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Xian Attractions

Located on Zhongshan Street of Xianyang City, 28 km from Xian, the Xianyang Museum is a famous local history museum in China. Originally a Confucian Temple built in 1371, it was opened to the public in 1962 after reconstruction and expansion.

Since Xianyang City was the capital of the Qin Dynasty (221BC - 206BC) and also the central location of the Han Dynasty (206BC-220) Mausoleums. Accordingly, the cultural relics in the Xianyang Museum focus on the Qin Dynasty and the Han Dynasty.  Seven exhibition halls and a stele corridor of the museum house over 15,000 cultural artifacts, out of which 4,000 are now on display. Among the collections, the 3,000 Painted Terracotta Warriors and Horses of the Western Han Dynasty (206BC - 24AD) are the most famous.

The nine exhibition halls as follows:
No.1 - N0. 3 exhibition hall of the Xianyang Museum concentrate on the production tools, weapons, weights and measures, fine potteries, jade articles, Qin bricks and articles of daily use from the Qin Dynasty. Iron ploughs, iron hoes and other iron tools were widely used in the Qin kingdom between the Spring & Autumn Period and the Warring States Period. There is a suggestion that the metallurgical industry developed rapidly at that time. The extensive use of iron tools marked a new phase in the progress of productive forces.

No. 4 exhibition hall displays the paintings and calligraphies of contemporary famous persons. No. 5 and No. 6 exhibition halls show the world famous Painted Terra - Cotta Warriors and Horses of the Western Han Dynasty. The 3,000 figures comprised the great image of the royal guards of the Western Han Dynasty. This troop, full of power and grandeur, exemplifies the strength of the military power of the Western Han Dynasty. Displayed in Western Europe, North America, Japan and Singapore, this troop contributed much to carry forward the civilization of ancient China and promote the intercommunion between home and abroad.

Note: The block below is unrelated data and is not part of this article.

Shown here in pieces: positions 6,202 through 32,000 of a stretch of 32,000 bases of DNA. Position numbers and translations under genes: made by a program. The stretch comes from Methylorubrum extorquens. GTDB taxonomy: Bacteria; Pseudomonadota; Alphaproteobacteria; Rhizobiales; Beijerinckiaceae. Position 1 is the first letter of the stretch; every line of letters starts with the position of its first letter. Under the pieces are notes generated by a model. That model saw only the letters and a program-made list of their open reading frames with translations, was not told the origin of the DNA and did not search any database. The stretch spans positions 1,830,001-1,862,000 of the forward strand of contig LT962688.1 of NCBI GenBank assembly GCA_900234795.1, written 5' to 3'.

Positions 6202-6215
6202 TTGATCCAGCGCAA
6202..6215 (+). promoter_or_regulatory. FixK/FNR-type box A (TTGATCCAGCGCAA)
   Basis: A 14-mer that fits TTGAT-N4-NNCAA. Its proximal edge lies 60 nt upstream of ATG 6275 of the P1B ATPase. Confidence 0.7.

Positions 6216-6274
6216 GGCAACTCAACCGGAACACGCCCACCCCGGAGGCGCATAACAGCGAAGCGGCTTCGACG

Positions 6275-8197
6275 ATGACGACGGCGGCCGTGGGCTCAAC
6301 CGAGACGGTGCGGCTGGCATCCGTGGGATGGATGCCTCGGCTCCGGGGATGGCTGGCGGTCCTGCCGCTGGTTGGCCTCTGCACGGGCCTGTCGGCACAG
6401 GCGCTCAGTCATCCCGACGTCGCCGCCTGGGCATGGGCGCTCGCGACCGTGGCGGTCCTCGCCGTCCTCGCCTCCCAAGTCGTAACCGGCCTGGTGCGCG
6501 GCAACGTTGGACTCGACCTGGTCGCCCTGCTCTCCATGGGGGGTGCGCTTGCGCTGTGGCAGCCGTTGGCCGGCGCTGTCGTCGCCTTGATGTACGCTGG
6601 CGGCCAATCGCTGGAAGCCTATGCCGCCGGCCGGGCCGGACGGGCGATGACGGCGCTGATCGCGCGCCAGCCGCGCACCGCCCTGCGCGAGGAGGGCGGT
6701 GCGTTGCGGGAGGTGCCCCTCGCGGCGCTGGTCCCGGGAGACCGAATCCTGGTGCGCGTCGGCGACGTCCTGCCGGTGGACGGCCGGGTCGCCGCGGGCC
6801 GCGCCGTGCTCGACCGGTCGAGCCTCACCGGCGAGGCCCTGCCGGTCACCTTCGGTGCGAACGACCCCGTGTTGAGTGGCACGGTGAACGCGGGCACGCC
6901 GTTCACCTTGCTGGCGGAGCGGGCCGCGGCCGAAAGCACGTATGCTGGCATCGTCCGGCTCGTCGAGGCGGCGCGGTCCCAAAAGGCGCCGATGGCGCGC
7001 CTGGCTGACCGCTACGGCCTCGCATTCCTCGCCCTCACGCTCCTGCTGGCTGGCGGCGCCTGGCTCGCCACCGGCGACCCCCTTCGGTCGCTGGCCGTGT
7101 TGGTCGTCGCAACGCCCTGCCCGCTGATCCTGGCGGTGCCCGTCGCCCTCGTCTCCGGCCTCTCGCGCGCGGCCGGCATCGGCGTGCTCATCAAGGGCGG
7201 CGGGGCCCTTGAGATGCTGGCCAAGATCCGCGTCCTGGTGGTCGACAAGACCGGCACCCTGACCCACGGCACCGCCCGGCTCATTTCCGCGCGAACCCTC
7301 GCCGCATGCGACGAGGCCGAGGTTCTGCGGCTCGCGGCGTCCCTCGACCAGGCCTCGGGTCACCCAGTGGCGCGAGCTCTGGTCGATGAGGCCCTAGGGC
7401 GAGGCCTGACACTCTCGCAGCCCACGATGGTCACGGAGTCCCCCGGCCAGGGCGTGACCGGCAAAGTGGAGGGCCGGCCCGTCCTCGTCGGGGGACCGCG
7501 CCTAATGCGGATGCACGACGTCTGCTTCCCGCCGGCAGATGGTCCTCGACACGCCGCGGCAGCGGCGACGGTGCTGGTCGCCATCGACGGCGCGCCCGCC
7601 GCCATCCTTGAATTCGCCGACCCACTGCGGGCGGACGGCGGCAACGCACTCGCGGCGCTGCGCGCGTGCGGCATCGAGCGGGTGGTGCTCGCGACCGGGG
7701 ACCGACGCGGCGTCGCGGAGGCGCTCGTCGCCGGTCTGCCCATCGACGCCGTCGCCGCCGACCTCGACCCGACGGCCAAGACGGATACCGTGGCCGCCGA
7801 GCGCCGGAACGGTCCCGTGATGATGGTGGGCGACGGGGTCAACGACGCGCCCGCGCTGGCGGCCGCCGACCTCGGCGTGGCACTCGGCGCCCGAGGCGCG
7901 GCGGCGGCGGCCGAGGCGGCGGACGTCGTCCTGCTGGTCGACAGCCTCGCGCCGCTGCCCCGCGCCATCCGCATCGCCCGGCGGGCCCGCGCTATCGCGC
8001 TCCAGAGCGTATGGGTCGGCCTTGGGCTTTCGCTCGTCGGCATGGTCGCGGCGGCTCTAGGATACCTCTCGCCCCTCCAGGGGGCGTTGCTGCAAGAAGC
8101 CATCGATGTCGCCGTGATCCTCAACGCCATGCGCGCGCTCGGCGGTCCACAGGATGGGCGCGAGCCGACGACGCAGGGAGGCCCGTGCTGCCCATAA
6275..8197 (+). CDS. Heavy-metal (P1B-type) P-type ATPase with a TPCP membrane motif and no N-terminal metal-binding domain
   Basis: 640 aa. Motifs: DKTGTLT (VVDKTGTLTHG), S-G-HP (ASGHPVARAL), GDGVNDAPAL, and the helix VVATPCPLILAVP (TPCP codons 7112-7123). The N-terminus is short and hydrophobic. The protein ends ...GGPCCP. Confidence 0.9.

On display in No. 7 exhibition hall are the cultural artifacts unearthed from the tombs of Western Han emperors. Nine out of the eleven Western Han emperors were buried in the area of Xianyang tableland. There are 500 tombs altogether, including the imperial mausoleums and their satellite tombs. The tombs are scattered in a range extending about 100 miles. Although they have not been excavated, cultural artifacts are occasionally discovered.

The eighth and ninth contain the biggest sitting bronze Buddha of the Ming Dynasty (1368-1644) in China as well as religion cultural relics.


Admission Fee:    free
Opening Hours:    09:00-17:00 (Close on Mondays)
Address: No. 53, Zhongshan Street (Zhongshan Jie), Xianyang City, Shaanxi Province, China
Transportation:    Take bus No.19, 25, 7, 39 (from the train station), 11, 12, 13, 14, 1, 59 (from Daqing Lu), 9; take Xianyang bus no.7, 19, or 24 to Bo Wu Guan (Museum) station.